Sometimes working for the federal government, whether in space or defense, can be…challenging.  While sitting in a room full of over-cautious managers, it’s easy to wonder exactly what you did to deserve the privilege of sitting on the side of the conference room listening to others going on about colors on a chart.  Working with leading edge technology and conducting space operations should be awesome, not sleep-inducing, right?

Good news!!  It may be time to take a job with an “innovation chaser.”  That’s right–try looking for a job with some of the more innovative space companies and get that conference Kool-Aid taste out of your mouth.  There are space companies out there working on some really interesting, and in some cases, historic projects.  There are growing opportunities and space businesses in the space business.  Those space businesses are working on projects  which might just be interesting enough for the review-fatigued job-seeker.  Erik Sofge’s list in a post of his is a pretty good start.

top commercial space companies

The list names the obvious companies, such as SpaceX and Virgin Galactic.  And rightfully so—both are working hard to build and innovate in traditional and new businesses.  SpaceX is building rockets that will eventually land back on the launch pad, for goodness sakes.  There are some others, such as Orbital Sciences, Sierra Nevada Corporation, XCOR Aerospace, Ad Astra Rocket Company, Made In Space, and Planetary Resources.  But, surprisingly, there are a few I would never have associated with innovation, such as Boeing and Airbus Defence & Space.  I say surprisingly not because those two companies haven’t been innovative in decades past, but because they are big companies in which innovation probably isn’t embraced as readily anymore, and because their sizes imply the inability to move quickly to new technologies in the field.

Here are a few other companies that are also trying something new.  These companies might be the perfect fit for the job-seeker of interesting and new space projects.

Bigelow Aerospace is attempting to build inflatable space habitats (think inflatable hamster-ball in space for humans, and you get the idea).  There’s also SkyBox Imaging, a company attempting to create 24/7 video streams from their smaller satellites in space of the activities occurring on the Earth below.  At least half of Urthecast’s space assets will also provide video of the Earth—but their video camera, and still camera, are mounted on the International Space Station.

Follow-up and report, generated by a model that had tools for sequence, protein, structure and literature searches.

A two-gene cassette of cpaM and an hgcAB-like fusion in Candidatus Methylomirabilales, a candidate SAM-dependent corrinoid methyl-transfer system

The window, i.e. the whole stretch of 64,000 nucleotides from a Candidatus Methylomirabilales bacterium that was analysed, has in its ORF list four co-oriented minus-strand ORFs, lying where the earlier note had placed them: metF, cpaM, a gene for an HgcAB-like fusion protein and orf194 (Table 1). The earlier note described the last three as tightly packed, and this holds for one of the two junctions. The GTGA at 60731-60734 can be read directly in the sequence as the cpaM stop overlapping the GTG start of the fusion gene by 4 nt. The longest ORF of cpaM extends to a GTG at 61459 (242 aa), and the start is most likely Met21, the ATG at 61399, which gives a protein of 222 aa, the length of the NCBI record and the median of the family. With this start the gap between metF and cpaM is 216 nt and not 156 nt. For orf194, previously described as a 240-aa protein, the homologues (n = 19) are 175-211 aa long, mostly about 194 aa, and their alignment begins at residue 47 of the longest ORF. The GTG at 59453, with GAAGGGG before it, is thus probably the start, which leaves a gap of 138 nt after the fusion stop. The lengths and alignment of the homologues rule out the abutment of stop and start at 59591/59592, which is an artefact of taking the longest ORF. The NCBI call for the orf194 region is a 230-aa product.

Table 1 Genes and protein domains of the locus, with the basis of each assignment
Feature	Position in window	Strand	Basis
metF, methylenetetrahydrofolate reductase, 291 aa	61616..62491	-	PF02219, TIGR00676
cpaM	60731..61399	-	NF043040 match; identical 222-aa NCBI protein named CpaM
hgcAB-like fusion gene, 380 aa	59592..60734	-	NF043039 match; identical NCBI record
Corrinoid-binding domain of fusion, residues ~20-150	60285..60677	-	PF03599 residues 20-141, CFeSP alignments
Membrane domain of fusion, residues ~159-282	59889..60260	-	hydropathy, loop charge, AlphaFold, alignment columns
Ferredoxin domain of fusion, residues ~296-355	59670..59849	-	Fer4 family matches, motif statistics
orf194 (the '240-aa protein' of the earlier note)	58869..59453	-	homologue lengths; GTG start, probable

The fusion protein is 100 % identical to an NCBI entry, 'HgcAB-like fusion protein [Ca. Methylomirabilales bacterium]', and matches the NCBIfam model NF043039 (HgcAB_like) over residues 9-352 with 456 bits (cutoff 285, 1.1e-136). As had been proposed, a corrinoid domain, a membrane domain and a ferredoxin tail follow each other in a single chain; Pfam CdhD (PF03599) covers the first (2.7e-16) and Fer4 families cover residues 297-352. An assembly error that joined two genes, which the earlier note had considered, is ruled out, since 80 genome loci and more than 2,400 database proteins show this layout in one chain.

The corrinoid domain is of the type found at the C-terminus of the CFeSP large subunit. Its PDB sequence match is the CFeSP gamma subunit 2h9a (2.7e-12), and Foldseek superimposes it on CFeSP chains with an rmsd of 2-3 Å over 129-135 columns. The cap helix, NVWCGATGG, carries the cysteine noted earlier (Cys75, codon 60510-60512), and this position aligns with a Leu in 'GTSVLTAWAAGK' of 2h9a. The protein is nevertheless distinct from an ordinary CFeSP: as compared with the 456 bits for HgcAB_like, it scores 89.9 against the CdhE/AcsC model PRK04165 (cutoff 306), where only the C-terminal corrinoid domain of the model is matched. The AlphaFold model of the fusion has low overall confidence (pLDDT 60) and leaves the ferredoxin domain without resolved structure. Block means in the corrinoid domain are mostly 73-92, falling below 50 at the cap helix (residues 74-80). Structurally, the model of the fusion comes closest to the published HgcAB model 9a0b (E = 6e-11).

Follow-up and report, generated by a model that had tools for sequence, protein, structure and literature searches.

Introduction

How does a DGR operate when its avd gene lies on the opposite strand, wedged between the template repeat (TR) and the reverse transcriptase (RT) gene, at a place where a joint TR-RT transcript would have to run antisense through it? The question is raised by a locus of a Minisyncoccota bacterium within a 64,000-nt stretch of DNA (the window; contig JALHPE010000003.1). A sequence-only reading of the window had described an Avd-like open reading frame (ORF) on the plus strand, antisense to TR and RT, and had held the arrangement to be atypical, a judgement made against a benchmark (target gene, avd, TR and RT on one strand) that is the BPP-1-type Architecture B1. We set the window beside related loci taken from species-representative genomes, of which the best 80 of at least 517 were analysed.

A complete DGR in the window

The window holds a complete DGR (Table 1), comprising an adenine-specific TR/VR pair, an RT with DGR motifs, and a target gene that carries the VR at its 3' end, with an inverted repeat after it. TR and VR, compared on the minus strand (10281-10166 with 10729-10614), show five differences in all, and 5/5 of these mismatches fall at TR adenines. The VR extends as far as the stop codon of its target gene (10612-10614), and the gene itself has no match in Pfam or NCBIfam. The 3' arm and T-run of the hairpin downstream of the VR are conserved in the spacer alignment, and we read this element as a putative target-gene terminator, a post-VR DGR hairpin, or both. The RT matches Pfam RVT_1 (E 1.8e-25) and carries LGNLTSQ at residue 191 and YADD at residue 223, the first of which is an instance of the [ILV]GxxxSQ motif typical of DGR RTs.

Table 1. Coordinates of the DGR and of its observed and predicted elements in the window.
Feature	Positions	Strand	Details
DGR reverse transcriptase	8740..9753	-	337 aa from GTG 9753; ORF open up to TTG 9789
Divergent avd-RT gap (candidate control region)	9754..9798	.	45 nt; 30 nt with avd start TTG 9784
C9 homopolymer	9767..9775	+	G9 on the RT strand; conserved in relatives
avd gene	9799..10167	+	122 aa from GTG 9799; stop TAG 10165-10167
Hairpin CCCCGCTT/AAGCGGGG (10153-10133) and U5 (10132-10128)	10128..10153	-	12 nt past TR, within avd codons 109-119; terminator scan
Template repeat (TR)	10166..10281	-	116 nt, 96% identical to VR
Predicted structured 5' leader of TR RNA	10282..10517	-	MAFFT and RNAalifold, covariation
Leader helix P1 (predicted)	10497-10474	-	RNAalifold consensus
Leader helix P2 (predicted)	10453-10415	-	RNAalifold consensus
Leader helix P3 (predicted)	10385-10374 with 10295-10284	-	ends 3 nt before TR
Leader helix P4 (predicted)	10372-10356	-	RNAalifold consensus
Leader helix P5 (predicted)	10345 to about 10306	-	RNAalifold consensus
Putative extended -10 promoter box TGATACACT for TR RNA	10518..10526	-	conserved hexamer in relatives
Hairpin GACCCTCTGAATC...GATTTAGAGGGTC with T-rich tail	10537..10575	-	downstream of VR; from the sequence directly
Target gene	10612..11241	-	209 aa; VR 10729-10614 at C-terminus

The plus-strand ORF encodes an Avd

Planet Labs’ goals are more ambitious and risky.  They want to build constellations of micro-satellites for whatever use can be imagined for them.  They’ve already released a few satellites into orbit.  Bristol Spaceplanes Limited is a UK company trying to crowdfund its building of a working spaceplane.  There just seems to be more and more of these companies out there.  And they might need more and more people familiar with space operations.

If space operations in government has lost its luster for you, these companies might be worth your while to check out.  There’s no guarantee they’ll hire you, though.  Need more motivation?  Think about the next review coming up—then give one of the companies on the list a try, even if you think you need the sleep.



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John Holst’s career path is as nonsensical and mad as the March Hare. In a series of what John thought were very trusting decisions, the United States Air Force let him babysit nuclear weapons, develop future officers, and then operate multi-billion dollar space systems. Then John re-enacted scenes from “Brazil” by joining the Missile Defense Agency, working as minutes-taker, configuration, project, mission, and test manager. When he’s not writing for, he is putting his journalism degree skills to use as The Mad Spaceball.